Call to give students equal funding to pursue a trade

Deputy Inna Gardiner Picture: ROB CURRIE. (38216955)

STUDENTS who want to pursue a vocation or trade should be given the same access to funding as those in education, according to the former Education Minister.

Deputy Inna Gardiner is calling on the government to provide equal financial assistance for all 16- to 18-year-olds to ensure “equal opportunities” for all.

She said this would improve young people’s career prospects and skills no matter which path they took.

The proposition aims to alleviate financial pressures on students pursuing vocational or trade careers.

In a statement, Deputy Gardiner described her proposed policy as an “investment in the future”.

“Young people can develop a greater range of skills and the likelihood of unemployment is significantly reduced by staying in education longer,” she added.

In the report accompanying her proposal, she said: “This proposition asks the Assembly the simple question – should we be providing equal opportunities for skills and education for all young people?”

She also outlined the current disparity in funding between students pursuing academic studies and those in vocational training.

“Currently, students who stay in education within government paid education (Hautlieu) are funded to between £7,000 and £8,000 per year, whereas students who choose to go to Highlands for apprenticeship training will receive only £1,600 from the government’s Tracker programme. They may also receive some funding from the Highlands Grant or from employer contributions, or they may have to self-fund.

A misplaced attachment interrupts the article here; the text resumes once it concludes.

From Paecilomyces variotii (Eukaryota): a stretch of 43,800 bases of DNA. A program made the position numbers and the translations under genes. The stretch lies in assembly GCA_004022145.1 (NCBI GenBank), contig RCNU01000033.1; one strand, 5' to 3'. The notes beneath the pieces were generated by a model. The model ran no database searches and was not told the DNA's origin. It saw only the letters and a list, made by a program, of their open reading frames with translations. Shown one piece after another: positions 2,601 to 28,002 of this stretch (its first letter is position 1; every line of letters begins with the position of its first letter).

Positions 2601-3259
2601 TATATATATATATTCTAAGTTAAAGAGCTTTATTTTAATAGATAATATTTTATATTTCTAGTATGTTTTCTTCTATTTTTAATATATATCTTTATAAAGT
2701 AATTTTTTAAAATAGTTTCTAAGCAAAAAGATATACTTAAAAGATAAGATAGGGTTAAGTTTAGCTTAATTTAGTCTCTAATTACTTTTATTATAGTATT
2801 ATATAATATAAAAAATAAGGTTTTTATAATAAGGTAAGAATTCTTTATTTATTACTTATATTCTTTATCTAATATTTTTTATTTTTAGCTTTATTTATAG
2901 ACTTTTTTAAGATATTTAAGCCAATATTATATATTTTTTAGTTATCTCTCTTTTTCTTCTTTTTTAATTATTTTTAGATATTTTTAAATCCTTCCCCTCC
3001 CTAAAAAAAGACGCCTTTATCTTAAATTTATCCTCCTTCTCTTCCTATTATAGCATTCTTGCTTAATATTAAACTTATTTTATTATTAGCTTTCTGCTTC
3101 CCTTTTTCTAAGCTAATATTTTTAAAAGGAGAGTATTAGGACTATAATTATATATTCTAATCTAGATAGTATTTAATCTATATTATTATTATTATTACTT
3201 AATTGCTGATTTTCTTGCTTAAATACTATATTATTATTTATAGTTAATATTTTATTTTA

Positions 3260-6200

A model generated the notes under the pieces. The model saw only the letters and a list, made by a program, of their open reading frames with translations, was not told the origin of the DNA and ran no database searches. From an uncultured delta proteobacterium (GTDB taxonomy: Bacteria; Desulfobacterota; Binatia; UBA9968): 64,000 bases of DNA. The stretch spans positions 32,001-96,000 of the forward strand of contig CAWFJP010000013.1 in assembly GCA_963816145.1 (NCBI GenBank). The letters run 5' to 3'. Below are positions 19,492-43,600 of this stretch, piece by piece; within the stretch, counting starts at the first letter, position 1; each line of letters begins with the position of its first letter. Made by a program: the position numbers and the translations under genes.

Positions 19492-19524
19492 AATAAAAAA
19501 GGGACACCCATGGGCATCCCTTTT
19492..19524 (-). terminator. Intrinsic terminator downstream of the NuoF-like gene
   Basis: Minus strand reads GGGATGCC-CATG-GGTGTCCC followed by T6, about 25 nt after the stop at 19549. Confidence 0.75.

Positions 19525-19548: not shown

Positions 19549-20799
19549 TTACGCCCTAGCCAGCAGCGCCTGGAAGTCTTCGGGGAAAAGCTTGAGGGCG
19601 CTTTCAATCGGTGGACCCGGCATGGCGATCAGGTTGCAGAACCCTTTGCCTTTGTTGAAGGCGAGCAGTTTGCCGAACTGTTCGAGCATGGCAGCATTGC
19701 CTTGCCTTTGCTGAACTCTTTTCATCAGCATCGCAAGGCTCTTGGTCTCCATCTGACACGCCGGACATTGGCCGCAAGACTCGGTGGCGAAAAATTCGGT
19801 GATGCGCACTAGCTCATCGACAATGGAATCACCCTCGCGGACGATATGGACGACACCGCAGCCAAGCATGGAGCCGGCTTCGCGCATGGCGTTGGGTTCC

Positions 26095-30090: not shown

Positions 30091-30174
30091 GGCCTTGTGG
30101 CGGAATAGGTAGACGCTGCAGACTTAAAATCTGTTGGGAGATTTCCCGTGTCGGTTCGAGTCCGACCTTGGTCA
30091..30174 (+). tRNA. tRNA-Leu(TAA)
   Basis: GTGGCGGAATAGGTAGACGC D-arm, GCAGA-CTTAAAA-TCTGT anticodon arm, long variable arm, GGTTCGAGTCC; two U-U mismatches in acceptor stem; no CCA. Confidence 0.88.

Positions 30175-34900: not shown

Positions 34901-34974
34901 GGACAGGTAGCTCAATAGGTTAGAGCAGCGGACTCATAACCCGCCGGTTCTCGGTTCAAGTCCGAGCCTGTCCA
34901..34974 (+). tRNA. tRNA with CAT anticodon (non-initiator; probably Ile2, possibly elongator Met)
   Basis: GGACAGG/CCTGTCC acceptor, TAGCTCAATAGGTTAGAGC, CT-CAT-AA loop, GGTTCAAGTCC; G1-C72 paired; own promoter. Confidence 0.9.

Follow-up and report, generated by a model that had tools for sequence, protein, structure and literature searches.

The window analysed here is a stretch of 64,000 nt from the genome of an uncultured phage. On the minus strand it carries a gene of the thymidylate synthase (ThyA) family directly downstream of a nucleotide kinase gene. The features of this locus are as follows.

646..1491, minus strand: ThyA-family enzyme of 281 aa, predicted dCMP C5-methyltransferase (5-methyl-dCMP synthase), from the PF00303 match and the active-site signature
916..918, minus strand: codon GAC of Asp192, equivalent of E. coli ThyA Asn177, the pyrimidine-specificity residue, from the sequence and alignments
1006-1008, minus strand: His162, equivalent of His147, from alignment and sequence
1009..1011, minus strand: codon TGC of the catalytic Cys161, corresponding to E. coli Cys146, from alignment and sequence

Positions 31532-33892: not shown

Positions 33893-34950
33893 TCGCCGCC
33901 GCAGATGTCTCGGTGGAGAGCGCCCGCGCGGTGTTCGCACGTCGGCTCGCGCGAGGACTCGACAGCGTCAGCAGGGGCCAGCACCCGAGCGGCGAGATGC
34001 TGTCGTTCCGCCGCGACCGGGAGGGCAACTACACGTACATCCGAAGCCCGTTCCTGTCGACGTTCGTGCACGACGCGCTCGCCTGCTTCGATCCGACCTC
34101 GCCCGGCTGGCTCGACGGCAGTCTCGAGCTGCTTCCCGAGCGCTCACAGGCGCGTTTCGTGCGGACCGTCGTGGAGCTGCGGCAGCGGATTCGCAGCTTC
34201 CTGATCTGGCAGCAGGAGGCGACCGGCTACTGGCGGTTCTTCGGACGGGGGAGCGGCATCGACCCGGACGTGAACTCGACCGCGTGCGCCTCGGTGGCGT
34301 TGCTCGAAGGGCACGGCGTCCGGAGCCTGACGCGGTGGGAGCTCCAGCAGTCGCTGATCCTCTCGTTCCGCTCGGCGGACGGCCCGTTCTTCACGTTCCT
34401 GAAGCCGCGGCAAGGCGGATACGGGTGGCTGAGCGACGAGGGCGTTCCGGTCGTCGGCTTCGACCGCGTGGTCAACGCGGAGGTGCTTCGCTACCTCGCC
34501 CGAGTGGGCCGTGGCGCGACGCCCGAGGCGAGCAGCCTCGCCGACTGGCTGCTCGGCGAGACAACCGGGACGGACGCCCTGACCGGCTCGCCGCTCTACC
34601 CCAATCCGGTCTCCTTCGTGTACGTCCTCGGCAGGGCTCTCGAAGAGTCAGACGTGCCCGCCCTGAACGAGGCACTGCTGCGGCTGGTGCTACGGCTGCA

“The Tracker programme has a total budget of £650,000 per year for an average of 400+ apprentices (with a maximum funding of £1,600 for each student) whilst the annual average cost per year for an apprenticeship is £5,400.”

Deputy Gardiner also highlighted how 鶹’s legislation still assumes 16 as the age when young people can leave education or training, while in the UK and most of Europe, this age has been raised to 18.

“鶹 is an outlier,” she said.

Deputy Gardiner’s proposal calls on Education Minister Deputy Rob Ward to ensure fully-funded education or training for this age group by September 2025. It requests the inclusion of any necessary long-term funding in the 2026-2029 Government Plan.

She also called for a review of education legislation and policy to increase the length of time young people are in education or training.

She added that a 2019 Scrutiny review recommended raising the required age for all young people to be in full-time education or training, as well as equalising funding both across academic and vocational routes.

She concluded: “We are an affluent and prosperous Island – there is no reason we should rank lower than other nations in supporting 16-18 education.

“This is our opportunity to make that investment in 鶹’s future workforce and prosperity.”

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